Phil Hogan says Boris Johnson ‘out of the loop’ on Brexit talks
Ireland’s EU Commissioner says the British foreign secretary has been ‘acting strangely’
British foreign secretary Boris Johnson recently published his personal blueprint for Brexit. Photograph: Arno Mikkor /AP
Boris Johnson has been “behaving strangely” since he published his personal blueprint for Brexit and is clearly “out of the loop” in relation to withdrawal negotiations, according to European Union commissioner Phil Hogan.
The former Minister for the Environment, and current European Commissioner for Agriculture and Rural Development, said on Wednesday that the British foreign secretary was obviously not involved in the exit talks with the EU as he has made statements “completely at odds” with his government’s own position.
Mr Hogan also said Mr Johnson appeared a “diminished figure” in the Westminster cabinet, in a potential sign of the reaction in the EU to his explosive intervention on Brexit.
The Irish commissioner told the London Evening Standard: “Clearly, he is not directly involved in the negotiations on behalf of the British Government with the EU. He certainly has made very strange statements that are completely contradictory, and completely at odds with his own Government’s position as well as the possibility of being reasonable with the EU in finalising a deal.
“So it strikes me that he is completely out of the loop in relation to the type of concrete proposals that are required and that are being considered by the UK Government. Mr Johnson is behaving and acting and speaking strangely. It’s clear that his reputation is not good and he is a diminished figure in the Government.”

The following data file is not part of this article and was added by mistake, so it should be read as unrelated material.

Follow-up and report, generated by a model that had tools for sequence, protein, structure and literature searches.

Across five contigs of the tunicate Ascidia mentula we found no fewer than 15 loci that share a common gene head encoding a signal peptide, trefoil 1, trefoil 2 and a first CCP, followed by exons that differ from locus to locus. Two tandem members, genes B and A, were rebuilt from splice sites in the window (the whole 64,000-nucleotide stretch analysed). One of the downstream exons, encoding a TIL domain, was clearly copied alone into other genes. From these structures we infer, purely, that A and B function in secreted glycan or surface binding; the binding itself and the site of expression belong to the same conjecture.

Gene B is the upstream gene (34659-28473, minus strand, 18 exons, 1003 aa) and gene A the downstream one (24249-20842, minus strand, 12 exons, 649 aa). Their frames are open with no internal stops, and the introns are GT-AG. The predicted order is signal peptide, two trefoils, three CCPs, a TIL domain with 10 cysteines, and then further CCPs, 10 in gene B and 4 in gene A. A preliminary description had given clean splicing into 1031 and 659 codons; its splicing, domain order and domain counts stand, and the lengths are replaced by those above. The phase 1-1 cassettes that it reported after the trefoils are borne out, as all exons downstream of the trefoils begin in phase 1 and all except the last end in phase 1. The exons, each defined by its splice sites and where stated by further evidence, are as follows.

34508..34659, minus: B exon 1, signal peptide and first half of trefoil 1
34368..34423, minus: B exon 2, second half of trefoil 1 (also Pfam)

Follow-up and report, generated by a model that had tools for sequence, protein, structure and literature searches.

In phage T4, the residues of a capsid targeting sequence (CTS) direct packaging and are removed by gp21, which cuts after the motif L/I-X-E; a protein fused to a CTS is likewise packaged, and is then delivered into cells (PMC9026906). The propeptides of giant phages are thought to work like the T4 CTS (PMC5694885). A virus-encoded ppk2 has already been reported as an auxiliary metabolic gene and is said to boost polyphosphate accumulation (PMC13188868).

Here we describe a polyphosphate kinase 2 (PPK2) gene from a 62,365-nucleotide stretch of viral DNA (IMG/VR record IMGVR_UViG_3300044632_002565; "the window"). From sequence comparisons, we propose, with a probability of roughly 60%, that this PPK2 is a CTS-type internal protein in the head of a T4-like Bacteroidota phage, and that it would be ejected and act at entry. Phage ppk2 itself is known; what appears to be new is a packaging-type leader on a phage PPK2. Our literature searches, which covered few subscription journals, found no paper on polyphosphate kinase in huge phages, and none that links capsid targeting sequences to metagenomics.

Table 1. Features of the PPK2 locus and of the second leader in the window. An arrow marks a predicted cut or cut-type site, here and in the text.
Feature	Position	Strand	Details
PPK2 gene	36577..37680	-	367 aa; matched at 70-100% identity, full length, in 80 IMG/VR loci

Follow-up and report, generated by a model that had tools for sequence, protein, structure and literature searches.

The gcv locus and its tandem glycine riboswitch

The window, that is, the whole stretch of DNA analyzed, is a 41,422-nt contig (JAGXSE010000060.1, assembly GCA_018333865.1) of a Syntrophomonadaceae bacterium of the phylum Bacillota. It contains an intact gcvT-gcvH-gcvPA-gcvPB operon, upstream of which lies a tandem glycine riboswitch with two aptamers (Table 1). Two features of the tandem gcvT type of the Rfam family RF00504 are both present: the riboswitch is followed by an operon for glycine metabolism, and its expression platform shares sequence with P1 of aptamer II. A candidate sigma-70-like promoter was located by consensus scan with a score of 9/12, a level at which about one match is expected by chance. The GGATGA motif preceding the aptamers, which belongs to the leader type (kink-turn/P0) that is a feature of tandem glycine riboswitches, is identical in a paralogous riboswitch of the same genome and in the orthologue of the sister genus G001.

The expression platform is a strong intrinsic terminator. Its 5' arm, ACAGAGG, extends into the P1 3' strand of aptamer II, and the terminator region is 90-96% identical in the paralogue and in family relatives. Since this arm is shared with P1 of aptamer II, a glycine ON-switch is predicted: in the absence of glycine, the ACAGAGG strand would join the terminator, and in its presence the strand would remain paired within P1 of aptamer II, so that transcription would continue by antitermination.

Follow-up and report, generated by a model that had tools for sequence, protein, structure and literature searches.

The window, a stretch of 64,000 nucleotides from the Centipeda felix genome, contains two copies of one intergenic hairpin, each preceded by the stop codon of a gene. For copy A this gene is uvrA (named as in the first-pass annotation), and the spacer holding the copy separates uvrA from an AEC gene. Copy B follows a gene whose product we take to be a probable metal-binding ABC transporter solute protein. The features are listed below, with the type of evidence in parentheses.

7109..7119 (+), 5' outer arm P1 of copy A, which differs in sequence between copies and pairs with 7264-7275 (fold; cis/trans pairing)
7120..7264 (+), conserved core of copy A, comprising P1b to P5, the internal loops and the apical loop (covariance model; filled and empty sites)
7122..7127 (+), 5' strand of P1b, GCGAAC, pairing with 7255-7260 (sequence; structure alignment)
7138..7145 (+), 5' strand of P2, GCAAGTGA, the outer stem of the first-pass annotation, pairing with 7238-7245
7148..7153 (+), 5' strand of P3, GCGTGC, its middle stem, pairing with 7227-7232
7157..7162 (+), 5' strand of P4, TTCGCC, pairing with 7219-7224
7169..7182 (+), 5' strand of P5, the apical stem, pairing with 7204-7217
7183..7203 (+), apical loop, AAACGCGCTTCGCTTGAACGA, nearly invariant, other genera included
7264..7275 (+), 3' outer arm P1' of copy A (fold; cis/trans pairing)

Mr Hogan said he was surprised Mr Johnson did not mention the Irish border in his document.
“It’s amazing that the UK’s foreign secretary can publish a 4,000-word article about the UK’s Brexit future and not mention the Irish border,” said Mr Hogan. “You’d think that the foreign secretary would have ideas about how to manage the UK’s main land border with the European Union, but obviously not. So if Ms May is as vague on the three questions as Mr Johnson was in her speech in Florence then the signs will not be good.”
The threat to Theresa May of Mr Johnson’s potentially damaging resignation from the Cabinet appears to have receded with agreement reportedly reached on the thrust of the British prime minister’s crunch Brexit speech in Florence on Friday.
The British foreign secretary has backed away from his previous insistence that the UK should cease payments to the EU after the date of Brexit in 2019, accepting that Britain should “pay our dues” during any transition period, as well as meeting financial demands “where our lawyers say we are on the hook for stuff”.
Mr Johnson has sought to downplay the significance of his 4,000-word personal Brexit blueprint, which has overshadowed preparations for Ms May’s speech and sparked speculation that he might be preparing to walk out of the cabinet.